Acquired palmoplantar keratoderma.

Published on Jan 1, 2007in American Journal of Clinical Dermatology5.056
· DOI :10.2165/00128071-200708010-00001
Shaily Patel2
Estimated H-index: 2
(University of Pittsburgh),
Matthew J. Zirwas22
Estimated H-index: 22
(OSU: Ohio State University),
Joseph C. English21
Estimated H-index: 21
(University of Pittsburgh)
Sources
Abstract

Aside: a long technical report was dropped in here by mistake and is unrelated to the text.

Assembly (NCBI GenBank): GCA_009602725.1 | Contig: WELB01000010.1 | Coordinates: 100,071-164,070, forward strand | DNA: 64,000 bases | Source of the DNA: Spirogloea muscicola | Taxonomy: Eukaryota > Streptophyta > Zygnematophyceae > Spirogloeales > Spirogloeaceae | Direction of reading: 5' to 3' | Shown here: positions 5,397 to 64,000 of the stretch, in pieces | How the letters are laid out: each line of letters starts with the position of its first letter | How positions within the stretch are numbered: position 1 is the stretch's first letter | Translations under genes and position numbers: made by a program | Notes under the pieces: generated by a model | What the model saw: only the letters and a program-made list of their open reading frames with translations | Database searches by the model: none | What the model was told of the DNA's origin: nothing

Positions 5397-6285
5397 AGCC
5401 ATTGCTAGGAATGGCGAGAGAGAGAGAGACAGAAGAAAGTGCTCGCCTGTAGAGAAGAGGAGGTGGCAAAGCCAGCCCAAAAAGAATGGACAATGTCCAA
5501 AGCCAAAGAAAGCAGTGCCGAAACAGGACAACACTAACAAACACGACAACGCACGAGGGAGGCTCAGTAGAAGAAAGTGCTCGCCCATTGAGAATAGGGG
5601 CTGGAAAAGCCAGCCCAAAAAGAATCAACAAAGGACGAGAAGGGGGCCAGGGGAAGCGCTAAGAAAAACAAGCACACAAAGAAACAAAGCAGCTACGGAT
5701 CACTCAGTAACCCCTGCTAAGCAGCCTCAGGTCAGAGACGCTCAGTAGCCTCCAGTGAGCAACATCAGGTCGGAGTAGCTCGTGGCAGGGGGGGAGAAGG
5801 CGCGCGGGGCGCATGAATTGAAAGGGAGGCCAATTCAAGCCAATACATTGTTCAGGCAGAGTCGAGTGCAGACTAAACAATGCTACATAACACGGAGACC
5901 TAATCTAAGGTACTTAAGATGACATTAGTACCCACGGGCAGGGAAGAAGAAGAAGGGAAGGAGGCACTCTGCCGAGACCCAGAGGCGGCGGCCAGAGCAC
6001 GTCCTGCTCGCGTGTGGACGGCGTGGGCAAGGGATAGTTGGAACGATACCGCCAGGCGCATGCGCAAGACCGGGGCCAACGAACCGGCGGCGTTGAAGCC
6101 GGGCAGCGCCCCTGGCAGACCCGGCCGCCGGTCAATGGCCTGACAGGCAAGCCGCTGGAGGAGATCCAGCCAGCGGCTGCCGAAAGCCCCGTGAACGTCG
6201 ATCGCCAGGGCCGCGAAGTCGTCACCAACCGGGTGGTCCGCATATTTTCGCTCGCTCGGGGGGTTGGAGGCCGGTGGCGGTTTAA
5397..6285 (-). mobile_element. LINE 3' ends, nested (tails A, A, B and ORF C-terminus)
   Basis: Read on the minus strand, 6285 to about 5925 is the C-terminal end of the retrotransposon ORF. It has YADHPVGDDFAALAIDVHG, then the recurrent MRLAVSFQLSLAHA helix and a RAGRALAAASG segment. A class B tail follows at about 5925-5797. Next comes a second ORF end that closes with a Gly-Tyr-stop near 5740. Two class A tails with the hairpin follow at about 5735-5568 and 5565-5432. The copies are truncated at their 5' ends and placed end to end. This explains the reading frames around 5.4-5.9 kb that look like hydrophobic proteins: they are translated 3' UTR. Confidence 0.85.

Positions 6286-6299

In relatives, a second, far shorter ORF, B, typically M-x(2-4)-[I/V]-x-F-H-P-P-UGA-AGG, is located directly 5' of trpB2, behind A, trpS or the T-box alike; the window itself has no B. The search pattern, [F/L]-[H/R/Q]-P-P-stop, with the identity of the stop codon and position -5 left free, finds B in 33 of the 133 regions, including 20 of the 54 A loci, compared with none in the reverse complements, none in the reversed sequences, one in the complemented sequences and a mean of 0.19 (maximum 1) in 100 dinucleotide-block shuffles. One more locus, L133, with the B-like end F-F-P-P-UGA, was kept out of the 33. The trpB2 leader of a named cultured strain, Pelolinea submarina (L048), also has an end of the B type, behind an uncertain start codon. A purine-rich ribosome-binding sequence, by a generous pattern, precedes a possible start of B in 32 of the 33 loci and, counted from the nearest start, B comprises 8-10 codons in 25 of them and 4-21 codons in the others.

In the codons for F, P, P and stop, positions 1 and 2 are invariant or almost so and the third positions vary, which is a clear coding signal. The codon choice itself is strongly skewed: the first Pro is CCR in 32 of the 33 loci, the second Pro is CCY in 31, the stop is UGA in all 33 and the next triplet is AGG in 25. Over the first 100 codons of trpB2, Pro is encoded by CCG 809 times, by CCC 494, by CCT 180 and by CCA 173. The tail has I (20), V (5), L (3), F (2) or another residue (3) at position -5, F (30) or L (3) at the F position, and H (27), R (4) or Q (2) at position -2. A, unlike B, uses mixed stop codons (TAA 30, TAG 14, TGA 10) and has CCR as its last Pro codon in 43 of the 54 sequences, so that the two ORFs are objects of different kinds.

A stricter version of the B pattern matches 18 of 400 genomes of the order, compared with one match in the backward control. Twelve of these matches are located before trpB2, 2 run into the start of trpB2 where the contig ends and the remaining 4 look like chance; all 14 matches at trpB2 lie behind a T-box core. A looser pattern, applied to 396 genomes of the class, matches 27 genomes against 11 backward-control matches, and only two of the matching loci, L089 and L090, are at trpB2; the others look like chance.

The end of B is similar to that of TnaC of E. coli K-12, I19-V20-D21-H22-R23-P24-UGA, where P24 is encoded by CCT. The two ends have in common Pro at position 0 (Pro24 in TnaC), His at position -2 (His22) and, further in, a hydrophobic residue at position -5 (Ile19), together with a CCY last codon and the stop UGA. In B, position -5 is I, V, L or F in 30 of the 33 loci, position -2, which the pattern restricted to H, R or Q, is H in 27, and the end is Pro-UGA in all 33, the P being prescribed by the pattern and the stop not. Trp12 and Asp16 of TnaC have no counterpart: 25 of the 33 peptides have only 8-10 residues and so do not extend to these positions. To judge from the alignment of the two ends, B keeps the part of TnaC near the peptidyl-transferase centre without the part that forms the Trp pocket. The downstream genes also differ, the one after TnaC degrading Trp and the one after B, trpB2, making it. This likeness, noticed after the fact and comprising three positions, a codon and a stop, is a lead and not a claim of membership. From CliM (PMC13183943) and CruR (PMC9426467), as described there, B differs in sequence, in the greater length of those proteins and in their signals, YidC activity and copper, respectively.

Palmoplantar keratodermas (PPKs) are a diverse entity of disorders that are characterized by abnormal thickening of the skin on the palms and soles. Traditionally they have been classified as either hereditary or acquired and are distinguished from each other on the basis of mode of inheritance, presence of transgrediens (defined as contiguous extension of hyperkeratosis beyond the palmar and/or plantar skin), co-morbidities with other symptoms, and extent of epidermal involvement, namely diffuse, focal, and punctate. As the terms hyperkeratosis and keratoderma have been used interchangeably throughout the literature, we define acquired keratoderma as a non-hereditary, non-frictional hyperkeratosis of the palms and/or soles that involves ≥50% of the surface of involved acral areas and that may or may not be associated with clinical and histologic inflammation.
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